The Budapest mayor and Gábor Perjés, a member of Karácsony’s party, have been under scrutiny for quite a while, as their “miraculous” donation boxes netted them more than half a billion forints for Karácsony’s failed election campaign last spring.
It has already been established that HUF 526 million was acquired by the movement with the sole contributor to the account identified as Karácsony's party colleague Gábor Perjés.
As doubts were raised regarding the origin of these campaign funds and their legality, the Hungarian authorities opened multiple inquiries, some of which are still ongoing.
The National Tax and Customs Administration also has an ongoing case against the 99 Movement Association, so it is not much of a surprise that OTP bank also turned to the authorities due to the suspicion that the content of the documentation sent to OTP by Karácsony’s movement for the purpose of source verification is not accurate. OTP claims that the bank “was deceived, as the actual, real source of the amounts paid was not indicated, the bank was not informed of this, and thus the bank could not be credibly convinced of the real source of the amounts paid.”
OTP's allegations appear well-founded, as while Perjés asserts that the donations primarily came from Hungarian expatriates, with more than 80 percent of the funds arriving in foreign currencies like euros and pounds sterling, the bank records reveal that the thousands of banknotes were allegedly packed into a small collection box, some with consecutive numbers and in pristine condition, raising suspicions about their origin. In addition, the credit institution's internal audit also found that the majority of the documentation sent “showed only EUR 50 and EUR 100 banknotes, in addition to some forint banknotes, while two entries showed the exact same number of EUR 100 banknotes.”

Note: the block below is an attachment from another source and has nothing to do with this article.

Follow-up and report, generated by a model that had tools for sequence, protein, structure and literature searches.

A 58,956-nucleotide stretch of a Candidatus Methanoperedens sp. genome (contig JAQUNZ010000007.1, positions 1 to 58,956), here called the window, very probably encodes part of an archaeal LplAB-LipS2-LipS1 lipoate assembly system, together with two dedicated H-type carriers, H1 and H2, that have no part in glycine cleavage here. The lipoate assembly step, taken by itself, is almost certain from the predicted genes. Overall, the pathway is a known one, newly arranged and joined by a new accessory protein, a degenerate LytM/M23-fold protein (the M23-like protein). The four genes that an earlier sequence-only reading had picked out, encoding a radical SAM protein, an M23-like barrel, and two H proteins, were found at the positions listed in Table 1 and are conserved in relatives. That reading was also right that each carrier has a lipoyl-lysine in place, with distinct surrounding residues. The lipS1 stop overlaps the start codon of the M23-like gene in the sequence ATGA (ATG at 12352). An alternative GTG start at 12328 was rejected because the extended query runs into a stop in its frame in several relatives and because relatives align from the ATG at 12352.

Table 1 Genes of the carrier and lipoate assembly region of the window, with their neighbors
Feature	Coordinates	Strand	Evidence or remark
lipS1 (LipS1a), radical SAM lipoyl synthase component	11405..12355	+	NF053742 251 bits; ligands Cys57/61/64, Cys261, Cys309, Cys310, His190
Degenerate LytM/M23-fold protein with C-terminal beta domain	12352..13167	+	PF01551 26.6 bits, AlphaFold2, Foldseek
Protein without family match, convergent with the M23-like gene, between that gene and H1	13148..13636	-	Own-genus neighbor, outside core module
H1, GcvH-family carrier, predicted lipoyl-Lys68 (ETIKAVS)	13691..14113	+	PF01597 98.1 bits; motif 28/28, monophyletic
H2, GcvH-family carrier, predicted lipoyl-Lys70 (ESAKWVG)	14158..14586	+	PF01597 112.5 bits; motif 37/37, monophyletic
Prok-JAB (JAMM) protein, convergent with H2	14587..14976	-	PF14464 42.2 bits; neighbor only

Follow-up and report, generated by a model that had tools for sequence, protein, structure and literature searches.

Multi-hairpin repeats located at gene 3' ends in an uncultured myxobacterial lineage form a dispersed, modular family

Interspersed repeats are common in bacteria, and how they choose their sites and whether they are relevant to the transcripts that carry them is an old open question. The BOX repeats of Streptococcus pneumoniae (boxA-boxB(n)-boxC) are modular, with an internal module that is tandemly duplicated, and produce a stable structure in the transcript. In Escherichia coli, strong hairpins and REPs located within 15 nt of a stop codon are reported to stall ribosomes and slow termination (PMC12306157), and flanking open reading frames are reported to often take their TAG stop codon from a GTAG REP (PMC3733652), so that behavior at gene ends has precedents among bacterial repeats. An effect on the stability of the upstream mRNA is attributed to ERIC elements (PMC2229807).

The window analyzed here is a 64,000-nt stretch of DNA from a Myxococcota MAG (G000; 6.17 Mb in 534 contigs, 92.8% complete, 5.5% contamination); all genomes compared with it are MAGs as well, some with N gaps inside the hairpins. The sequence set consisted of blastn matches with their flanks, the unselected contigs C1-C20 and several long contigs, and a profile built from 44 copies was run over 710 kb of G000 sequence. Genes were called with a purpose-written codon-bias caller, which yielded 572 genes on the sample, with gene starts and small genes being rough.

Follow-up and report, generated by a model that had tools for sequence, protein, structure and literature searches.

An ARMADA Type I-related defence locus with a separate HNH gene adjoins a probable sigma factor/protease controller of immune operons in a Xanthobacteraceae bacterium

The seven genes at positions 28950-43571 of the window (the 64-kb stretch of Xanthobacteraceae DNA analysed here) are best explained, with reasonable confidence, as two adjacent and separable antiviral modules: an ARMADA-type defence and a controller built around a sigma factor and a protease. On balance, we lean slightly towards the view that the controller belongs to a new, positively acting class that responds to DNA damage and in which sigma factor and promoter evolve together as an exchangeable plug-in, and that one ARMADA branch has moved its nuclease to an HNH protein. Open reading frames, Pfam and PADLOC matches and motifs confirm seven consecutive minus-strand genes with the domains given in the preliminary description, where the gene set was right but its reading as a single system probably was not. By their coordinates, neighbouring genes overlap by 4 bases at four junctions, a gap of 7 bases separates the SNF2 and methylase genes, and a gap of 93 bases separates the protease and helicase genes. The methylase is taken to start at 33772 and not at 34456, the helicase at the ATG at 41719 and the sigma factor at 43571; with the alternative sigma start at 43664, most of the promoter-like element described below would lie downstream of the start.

Simultaneously, payments into the movement’s account were always in the same amount as transfers made immediately afterward to one of the association's main partners — the DatAdat group of former Socialist PM Gordon Bajnai. For example, on February 8, 2022, Perjés deposited an amount of HUF 32.1 million and then transferred HUF 31.8 million on February 9 to DatAdat.
Coincidence? Highly unlikely.
It seems that Karácsony and his crew thought that if they claimed during an election campaign that they “found” half a billion forints worth of foreign currency in a box, no one would bat an eye.
Thankfully, the Hungarian authorities are doing their job.